Godzilla vs Kong

‘Godzilla vs. Kong’ is the fourth instalment in the current series of battling beasts movies. Literally dozens of Godzilla films have been made as well as several featuring King Kong with both meeting before onscreen in two 1960’s Japanese flicks. ‘Godzilla vs. Kong’ is the first time they meet in an American made production with ensuing big budget and spectacle. Hollywood loves nothing better than seeing massive monsters cutting swathes of destruction. They get more than their fill in ‘Godzilla vs. Kong’ – a ghoulishly enjoyable yarn where people scream and run from age old titans.

Rising from their respective depths, gargantuan beasties Godzilla and King Kong finally meet. Less than thrilled at their encounter is geologist Nathan (Alexander Skarsgard), who is trying to discover Kong’s origins. Assisting is Madison (Millie Bobby Brown), daughter of another geologist who wants to uncover the reasons for Godzilla’s existence. Discovering shady APEX Corporation’s involvement, they race against the clock to unravel a deadly conspiracy. As the countdown to disaster moves closer to conclusion, Godzilla and Kong fight for supremacy with powerful force.

If ever a movie does exactly what its title says, ‘Godzilla vs. Kong’ is it. Forget about strong characters and insightful plotting. The only kind of depth here is the watery/forestry depths from which the massive monsters derive. ‘Godzilla vs. Kong’ is dopey fun, not meant to be taken seriously and succeeds in being mindlessly entertaining.

Adam Wingard directs as well as one expects for this type of movie. Although the mechanical nature of the script shines through, Wingard gives it plenty of sparkling flair with comic-book colour. Even if the story is wafer-thin, the dazzling visuals are a feast for the eyes. Godzilla and Kong are expertly rendered, making them feel more dimensional than just simply roaring beasts. They more than over-shadow their human co-stars who simply stand and look amazed at the calamity around them.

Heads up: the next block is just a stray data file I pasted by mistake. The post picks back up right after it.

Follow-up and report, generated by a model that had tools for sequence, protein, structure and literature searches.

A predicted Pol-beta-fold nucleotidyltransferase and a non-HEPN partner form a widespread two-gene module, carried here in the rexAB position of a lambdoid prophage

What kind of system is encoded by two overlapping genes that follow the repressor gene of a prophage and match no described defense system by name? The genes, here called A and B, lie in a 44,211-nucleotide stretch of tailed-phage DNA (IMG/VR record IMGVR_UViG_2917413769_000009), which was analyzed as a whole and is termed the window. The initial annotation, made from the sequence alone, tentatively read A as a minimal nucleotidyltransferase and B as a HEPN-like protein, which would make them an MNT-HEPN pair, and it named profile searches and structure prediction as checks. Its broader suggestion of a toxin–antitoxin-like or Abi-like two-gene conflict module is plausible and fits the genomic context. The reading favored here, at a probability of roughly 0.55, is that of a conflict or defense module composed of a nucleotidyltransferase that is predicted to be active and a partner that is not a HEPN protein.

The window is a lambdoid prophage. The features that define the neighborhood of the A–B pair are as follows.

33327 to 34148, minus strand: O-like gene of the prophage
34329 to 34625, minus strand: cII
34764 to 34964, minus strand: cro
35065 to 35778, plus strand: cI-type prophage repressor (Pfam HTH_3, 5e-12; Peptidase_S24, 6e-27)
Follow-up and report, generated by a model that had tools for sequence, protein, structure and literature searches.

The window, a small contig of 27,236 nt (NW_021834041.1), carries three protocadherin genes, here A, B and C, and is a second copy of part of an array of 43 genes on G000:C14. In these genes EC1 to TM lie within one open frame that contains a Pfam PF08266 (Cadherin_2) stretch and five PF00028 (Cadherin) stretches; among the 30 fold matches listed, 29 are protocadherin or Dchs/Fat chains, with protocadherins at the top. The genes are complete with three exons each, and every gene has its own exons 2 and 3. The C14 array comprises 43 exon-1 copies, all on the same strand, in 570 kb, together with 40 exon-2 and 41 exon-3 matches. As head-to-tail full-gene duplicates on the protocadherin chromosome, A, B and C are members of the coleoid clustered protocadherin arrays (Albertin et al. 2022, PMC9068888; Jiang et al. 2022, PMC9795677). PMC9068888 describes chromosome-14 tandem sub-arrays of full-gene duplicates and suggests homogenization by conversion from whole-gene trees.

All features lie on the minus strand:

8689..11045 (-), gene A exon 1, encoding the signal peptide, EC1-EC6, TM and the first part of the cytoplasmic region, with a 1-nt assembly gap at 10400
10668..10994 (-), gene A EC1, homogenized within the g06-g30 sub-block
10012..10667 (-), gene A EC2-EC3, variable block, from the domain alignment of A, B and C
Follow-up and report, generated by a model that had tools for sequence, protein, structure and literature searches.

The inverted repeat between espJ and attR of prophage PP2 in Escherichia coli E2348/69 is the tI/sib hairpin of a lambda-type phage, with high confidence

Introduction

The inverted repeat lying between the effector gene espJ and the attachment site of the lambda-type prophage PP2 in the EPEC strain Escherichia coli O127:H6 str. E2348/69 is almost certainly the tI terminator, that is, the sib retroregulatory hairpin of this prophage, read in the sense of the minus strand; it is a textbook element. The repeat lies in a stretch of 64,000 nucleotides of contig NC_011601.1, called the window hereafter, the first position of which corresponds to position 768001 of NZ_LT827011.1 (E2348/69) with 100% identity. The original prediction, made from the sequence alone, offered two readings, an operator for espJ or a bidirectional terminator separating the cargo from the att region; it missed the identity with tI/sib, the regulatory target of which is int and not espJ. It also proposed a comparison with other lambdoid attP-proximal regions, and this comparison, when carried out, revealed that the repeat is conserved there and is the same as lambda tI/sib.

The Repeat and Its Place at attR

‘Godzilla vs. Kong’ is entertaining nonsense. Credit is due for taking its shallow premise and running with it to the hilt in gargantuan style. Those wanting to return to cinemas should see it on a big screen. With similar outings assured, the roar of the two monoliths should continue to drown out the bad dialogue such films have for years to come.

Rating out of 10: 6


Outside the Wire

Science fiction is one of the most adaptable movie genres. It can be a comedy, drama, action or mystery with several combining these elements. The boom in CGI technology has seen sci-fi movies increasing in popularity. ‘Outside the Wire’ adds another wrinkle, being a mix of action and drama. More character driven than similar films, it’s engaging and relatable viewing within its futuristic trappings.

When a military operation goes awry, drone pilot Lt. Thomas Harp (Damson Idris) is sent to an army base in the Ukraine. Assigned to Captain Leo (Anthony Mackie), Harp wonders what will happen next. He quickly discovers Leo is an android super-soldier with advanced powers. On the trail of a dangerous terrorist who wants to control a network of Cold War nuclear missiles, the men have to learn to trust each other. That comes starkly into focus with truth and loyalty not as clear cut as the clock ticks towards Armageddon.

Amidst expected scenes of explosions and pulsating action, ‘Outside the Wire’ tells an interesting story. Harp is a pure military person who looks at the people he kills as numbers. His lack of empathy sees mistakes made whichhe has to face and overcome in his latest mission. Leo’s strength lies not in his android body but in his mind as he uses it to push Harp into unchartered areas.

Despite being primarily a sci-fi action flick, ‘Outside the Wire’ has a generally low-key feel to it. This masks its true intent with a few unexpected twists leading to a shocking finale. Whilst the pacing could have been tighter, ‘Outside the Wire’ manages to captivate due to the strength of its performances and well filmed action sequences.

‘Outside the Wire’ offers things to think about amongst the mayhem. It’s not quite as memorable as others of its kind, but it’s worth a watch. ‘Outside the Wire’ is another addition to a sci-fi genre that will keep looking to the future long after current viewers have left their mortal existence.

Rating out of 10: 6